PANEL 1 (Friday, 9:00am-10:30am): Activating Religious Potentialities
Joshua Dubler, University of Rochester, “The Rise and Fall and Rise of Radical Prisoners’ Religion”
Drawing on three case proceedings, this paper revisits the period roughly spanning 1960 to 1980, when iterations of religious radicalism became available to American prisoners. During this period, under the banner of free religious exercise, prisoners erected for themselves platforms from which, as collectives, they challenged directly the fundamental legitimacy of the American state. The paper explores the social, legal and administrative logics that made politically-minded religious radicalism, during these years, practically available, and tracks shifts in the same that, by Reagan, rendered these contentious forms more or less impossible. While the paper concedes that the religious radicalism of the 1960s and 70s will not return, it concludes by wondering aloud about what the reemergence of the hunger strike might say about a possible rebirth of religious radicalism in American prisons.
Sarah Haley, UCLA, “Abolition Dreams: Gender and Southern Carceral Resistance, 1890-1936”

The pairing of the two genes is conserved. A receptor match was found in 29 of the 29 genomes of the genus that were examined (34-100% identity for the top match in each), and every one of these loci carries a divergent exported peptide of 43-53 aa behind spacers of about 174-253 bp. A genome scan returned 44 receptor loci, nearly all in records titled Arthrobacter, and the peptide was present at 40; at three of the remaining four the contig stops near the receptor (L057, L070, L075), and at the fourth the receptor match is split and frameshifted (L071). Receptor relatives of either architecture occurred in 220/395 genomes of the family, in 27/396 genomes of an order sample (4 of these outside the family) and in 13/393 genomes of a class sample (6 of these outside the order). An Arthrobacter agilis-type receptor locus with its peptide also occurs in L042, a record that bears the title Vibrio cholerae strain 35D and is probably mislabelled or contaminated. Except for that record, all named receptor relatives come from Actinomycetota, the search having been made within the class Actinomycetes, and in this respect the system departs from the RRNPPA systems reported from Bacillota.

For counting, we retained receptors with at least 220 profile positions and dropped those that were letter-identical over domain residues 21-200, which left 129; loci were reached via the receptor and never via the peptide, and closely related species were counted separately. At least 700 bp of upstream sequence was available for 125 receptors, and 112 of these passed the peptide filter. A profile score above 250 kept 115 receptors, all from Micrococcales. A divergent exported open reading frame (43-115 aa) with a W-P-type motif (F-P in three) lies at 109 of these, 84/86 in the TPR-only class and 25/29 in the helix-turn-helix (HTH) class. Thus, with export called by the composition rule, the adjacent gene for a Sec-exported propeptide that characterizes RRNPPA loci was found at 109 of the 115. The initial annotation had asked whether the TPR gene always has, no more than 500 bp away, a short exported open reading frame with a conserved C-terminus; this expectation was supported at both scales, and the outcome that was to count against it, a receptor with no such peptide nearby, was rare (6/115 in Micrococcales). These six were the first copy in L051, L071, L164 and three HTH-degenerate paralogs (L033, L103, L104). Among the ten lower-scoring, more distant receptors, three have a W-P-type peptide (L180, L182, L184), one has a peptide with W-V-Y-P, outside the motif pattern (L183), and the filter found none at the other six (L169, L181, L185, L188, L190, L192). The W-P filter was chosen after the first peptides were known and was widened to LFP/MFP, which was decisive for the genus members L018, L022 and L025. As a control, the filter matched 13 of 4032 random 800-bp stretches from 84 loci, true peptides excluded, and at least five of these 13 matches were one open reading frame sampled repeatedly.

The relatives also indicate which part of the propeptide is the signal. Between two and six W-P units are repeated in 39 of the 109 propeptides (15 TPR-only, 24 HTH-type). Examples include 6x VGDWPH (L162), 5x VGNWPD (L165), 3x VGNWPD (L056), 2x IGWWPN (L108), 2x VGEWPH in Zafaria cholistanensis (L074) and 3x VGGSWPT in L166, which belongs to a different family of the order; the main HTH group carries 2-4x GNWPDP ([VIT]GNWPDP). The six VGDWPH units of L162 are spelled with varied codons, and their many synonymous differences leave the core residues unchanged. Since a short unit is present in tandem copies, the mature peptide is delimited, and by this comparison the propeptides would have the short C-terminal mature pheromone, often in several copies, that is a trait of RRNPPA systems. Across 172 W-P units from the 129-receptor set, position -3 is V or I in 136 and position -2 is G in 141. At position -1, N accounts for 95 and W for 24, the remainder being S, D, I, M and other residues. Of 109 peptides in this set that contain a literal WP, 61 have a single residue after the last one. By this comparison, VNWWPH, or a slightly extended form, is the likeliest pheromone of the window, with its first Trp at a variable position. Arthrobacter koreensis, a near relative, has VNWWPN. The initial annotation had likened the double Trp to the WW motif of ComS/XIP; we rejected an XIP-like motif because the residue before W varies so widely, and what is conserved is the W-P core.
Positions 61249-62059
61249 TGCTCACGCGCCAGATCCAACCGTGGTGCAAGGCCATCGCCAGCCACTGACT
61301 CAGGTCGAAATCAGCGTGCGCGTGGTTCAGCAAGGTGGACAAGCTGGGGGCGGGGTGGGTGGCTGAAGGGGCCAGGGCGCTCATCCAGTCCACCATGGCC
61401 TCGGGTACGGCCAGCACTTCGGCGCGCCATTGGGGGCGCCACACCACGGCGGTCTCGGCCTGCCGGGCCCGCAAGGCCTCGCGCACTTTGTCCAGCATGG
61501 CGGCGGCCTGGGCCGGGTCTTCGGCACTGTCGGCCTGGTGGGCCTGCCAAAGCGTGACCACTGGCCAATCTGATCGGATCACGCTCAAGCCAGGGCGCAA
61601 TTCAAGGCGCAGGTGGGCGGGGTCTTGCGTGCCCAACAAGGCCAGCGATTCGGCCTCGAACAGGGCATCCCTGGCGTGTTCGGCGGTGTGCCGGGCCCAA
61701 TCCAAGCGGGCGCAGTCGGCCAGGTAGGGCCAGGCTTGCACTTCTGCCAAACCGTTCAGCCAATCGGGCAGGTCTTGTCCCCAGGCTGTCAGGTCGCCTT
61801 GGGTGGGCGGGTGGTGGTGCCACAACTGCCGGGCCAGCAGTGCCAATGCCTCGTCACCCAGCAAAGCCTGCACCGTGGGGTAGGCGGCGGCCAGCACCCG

This presentation will explore African American women’s perceptions of the southern convict labor regime between the 1890s and 1930s. “Abolition Dreams” will explore the analyses, political strategies, imaginaries, and cultural productions that women created to challenge convict labor and to highlight women’s experiences of violence within it. Clubwomen, blues women, and Works Progress Administration interviewees circulated ideas about the horrors of southern punishment challenging it at every turn; in so doing, they crafted a radical, gendered critique of state violence. This paper will consider the generative role of religion as part of the production of these transformative political imaginaries and mobilizations.
Mecke Nagel, SUNY Cortland, “The Ethic of Ubuntu and the End of Penality”